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How do you get Mononucleosis/How can you get Mononucleosis? Mononucleosis Causes:
Mononucleosis (‘Mono’) is a general infection caused by the Epstein-Barr virus (EBV) but can also be caused by other organisms such as cytomegalovirus (CMV).
In the United States, about 50% of all children 5 years of age and nearly 95% of adults have had an EBV infection. Most of these infections cause symptoms similar to those of a cold or other mild viral infections.
Sometimes adolescents and young adults develop different and more severe symptoms from EBV infection.
This disease is called infectious mononucleosis. Infectious mononucleosis is named for the large numbers of white blood cells (mononuclear cells) in the bloodstream. Adolescents and young adults usually catch infectious mononucleosis by kissing or having other intimate contact with someone infected with EBV.
‘Mono’ is often called the ‘kissing disease’, because it is spread mainly by contact with saliva or mucus from someone with mono, and because mono is common in adolescents. It can also be spread by sharing a drinking glass or silverware, or being coughed on by someone who has it.
However, mononucleosis isn’t as contagious as some infections, such as the common cold.
How to tell if you have Mononucleosis? Mononucleosis Symptoms:
Mono may begin slowly with fatigue, a general ill feeling, headache, and sore throat. The sore throat slowly gets worse. Your tonsils become swollen and develop a whitish-yellow covering. The lymph nodes in the neck are frequently swollen and painful.
A pink, measles-like rash can occur and is more likely if you take the medicines ampicillin or amoxicillin for a throat infection. (Antibiotics should NOT be given without a positive Strep test.)
Symptoms of mononucleosis include:
- General discomfort, uneasiness, or ill feeling
- Loss of appetite
- Muscle aches or stiffness
- Sore throat
- Swollen lymph nodes, especially in the neck and armpit
- Swollen spleen
Less frequently occurring symptoms include:
- Chest pain
- Jaundice (yellow color to the skin)
- Neck stiffness
- Rapid heart rate
- Sensitivity to light
- Shortness of breath
Sometimes, a swollen spleen or liver involvement may develop and heart problems or involvement of the central nervous system occurs only rarely.
How to know if you have Mononucleosis? Mononucleosis Tests:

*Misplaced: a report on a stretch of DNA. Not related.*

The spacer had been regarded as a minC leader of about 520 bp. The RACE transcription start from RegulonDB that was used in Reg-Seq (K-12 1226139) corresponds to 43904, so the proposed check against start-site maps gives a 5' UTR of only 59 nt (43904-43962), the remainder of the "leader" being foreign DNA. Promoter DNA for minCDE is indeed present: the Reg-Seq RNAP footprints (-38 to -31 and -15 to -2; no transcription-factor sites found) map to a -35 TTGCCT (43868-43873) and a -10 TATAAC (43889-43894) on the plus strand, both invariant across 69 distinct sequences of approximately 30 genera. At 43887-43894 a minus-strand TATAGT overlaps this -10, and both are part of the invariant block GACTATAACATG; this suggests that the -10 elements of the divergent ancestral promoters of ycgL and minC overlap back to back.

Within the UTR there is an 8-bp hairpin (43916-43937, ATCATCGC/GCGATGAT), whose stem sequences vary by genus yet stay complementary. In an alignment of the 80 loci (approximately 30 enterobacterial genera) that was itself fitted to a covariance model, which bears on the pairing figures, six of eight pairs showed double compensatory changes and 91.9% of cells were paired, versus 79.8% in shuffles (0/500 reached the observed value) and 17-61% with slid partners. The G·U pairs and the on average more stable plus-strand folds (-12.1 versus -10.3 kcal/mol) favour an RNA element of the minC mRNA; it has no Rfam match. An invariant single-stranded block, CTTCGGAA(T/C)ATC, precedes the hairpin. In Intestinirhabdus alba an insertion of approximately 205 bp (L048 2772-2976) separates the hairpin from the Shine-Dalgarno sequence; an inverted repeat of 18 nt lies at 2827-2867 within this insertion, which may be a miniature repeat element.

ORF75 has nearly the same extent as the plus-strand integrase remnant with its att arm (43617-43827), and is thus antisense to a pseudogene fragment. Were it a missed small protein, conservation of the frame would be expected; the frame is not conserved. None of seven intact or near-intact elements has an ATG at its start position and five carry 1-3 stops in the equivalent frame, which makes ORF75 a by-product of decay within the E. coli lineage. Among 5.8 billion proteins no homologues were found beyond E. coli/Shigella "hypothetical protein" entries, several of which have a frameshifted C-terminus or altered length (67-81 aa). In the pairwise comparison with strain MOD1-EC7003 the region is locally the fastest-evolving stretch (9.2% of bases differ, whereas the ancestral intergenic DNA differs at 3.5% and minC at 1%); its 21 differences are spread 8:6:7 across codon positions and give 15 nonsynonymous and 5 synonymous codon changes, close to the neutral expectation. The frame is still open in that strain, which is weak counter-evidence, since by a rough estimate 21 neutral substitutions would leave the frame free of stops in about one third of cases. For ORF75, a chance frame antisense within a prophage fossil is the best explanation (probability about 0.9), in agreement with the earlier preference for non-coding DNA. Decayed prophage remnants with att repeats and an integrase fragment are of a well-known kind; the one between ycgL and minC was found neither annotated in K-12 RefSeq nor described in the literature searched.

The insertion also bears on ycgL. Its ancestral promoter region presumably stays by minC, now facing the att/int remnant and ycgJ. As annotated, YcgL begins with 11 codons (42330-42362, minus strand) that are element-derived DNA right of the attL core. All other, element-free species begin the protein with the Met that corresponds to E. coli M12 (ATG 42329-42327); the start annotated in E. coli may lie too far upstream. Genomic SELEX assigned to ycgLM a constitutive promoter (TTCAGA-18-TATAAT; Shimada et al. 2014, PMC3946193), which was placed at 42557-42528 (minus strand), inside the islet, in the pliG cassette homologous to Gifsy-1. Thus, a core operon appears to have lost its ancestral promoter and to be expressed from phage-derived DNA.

During a physical examination, the doctor may find swollen lymph nodes in the front and back of your neck, as well as swollen tonsils with a whitish-yellow covering.
The doctor might also feel a swollen liver or swollen spleen when pushing on your belly. There may be a skin rash.
Blood work often reveals a higher-than-normal white blood cell (WBC) count and unusual-looking white blood cells called atypical lymphocytes, which are seen when blood is examined under a microscope. Atypical lymphocytes and abnormal liver function tests are a hallmark sign of the disease.
Relief spells (Rolaids?!) Mononucleosis Treatment:
There is no specific treatment.
People with infectious mononucleosis may be as active as they want. However, because of the risk of rupturing the spleen, heavy lifting and contact sports should be avoided for 1 month, even if the spleen is not noticeably enlarged. Before such activities are resumed, doctors may wish to confirm that the spleen has returned to normal size.
What’s going to happen to me?!!?! Mononucleosis Expectations:
The fever usually drops in 10 days, and swollen lymph glands and spleen heal in 4 weeks. Fatigue usually goes away within a few weeks, but may linger for 2 to 3 months.
Things to be aware of… Mononucleosis Complications:
- Death in persons with weakened immune systems
- Hemolytic anemia
- Hepatitis with jaundice (more common in patients older than 35)
- Inflammation of the testicles (orchitis)
- Neurological complications (rare), including:
- Guillain-Barre syndrome
- Temporary facial paralysis (Bell’s palsy)
- Uncoordinated movements (ataxia)
- Secondary bacterial throat infection
- Spleen rupture (rare; avoid pressure on the spleen)
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